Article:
Just City is an engaging, philosophically oriented YA novel that helps show readers how to find the values that matter the most to them.
The story follows Nathan, a budding young entrepreneur striving to succeed on his own, as he works to earn money to enter a start-up contest. As part of this, he takes part in a virtual reality game, Just City, created by his grandmother, a neuroscience and experimental philosophy professor.
The game is an experiment in which players determine the rules of a virtual society, such as the boundaries of criminal justice and health care, before being plunged into randomly selected characters from different walks of society. Based on his experiences playing the game, as well as an argument with a friend, Nathan begins to reevaluate his beliefs.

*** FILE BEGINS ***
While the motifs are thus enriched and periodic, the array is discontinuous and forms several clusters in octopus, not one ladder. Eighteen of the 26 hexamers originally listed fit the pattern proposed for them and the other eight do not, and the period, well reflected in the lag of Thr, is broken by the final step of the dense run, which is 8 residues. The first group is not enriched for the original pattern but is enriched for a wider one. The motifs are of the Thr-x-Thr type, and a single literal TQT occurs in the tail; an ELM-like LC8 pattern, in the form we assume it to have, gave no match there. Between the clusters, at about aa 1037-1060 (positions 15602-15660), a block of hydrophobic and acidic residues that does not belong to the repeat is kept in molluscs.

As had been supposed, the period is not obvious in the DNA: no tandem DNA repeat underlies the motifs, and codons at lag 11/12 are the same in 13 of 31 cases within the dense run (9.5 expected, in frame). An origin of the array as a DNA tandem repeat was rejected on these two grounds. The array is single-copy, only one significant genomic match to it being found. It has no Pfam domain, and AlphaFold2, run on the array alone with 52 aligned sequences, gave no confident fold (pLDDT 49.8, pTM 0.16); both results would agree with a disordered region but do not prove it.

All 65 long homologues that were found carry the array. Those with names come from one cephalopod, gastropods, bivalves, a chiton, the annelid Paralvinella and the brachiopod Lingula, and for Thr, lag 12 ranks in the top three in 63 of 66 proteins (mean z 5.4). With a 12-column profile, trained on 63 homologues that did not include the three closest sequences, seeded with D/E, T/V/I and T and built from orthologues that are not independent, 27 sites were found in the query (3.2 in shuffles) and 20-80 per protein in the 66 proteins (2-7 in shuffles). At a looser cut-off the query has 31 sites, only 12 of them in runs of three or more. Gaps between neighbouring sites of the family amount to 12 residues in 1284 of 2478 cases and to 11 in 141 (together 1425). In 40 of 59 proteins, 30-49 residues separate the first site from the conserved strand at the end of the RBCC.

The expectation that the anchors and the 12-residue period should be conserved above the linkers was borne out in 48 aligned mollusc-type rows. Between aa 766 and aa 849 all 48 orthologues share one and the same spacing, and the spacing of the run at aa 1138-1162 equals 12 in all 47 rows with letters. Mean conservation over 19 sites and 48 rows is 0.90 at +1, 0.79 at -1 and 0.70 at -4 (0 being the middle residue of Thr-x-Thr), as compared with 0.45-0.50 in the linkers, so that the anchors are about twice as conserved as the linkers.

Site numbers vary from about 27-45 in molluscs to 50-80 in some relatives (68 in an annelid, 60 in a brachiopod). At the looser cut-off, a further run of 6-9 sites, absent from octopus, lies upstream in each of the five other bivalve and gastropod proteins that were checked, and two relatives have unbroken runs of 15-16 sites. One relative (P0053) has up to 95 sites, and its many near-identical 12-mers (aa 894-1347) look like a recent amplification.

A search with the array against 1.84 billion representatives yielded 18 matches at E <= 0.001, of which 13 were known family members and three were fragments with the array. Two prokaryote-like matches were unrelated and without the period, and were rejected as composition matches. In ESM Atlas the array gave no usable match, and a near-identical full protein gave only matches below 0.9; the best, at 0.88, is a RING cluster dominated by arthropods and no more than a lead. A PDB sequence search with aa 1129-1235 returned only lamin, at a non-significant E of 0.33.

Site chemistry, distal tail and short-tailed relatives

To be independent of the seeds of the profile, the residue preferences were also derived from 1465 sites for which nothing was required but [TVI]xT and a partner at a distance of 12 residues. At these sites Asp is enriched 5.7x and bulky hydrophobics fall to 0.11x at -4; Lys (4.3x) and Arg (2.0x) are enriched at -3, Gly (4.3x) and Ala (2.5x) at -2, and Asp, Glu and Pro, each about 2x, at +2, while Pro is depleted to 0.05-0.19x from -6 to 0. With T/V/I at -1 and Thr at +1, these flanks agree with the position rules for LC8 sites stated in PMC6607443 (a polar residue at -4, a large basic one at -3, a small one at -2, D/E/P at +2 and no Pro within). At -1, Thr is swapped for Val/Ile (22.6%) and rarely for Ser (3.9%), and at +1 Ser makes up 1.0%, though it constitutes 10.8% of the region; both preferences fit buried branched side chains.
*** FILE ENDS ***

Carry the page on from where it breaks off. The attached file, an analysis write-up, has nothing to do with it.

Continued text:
Narrated by Nathan, the novel does a wonderful job showing the thoughts and feelings of a privileged young man reexamining his views. He begins believing in firm logic and “willpower,” and that the downtrodden simply don’t have the “will” to succeed. Indeed, the app he wants to develop for the contest would prevent homeless people from stealing supermarket shopping carts. In the game, playing a poor young man accused of a terrible crime, he realizes that such people can be trapped through no fault of their own.
The novel also captures the difficulties of extremes. While smart, his friend Jack has no empathy and may have sabotaged Nathan years earlier. Another friend Alex, and Alex’s sister Maria, are kind and friendly, but firmly believe in alternative medicines and not vaccinating their children. It’s fascinating to watch Nathan move from one to the other, while slowly understanding the problems in both and adopting the best parts of each for a value system.
The language is easy to understand, with concepts like brain development explained through dialogue, and the novel flows quickly. Adults both young and older will find Just City an exciting and moving read.
Also available as an ebook.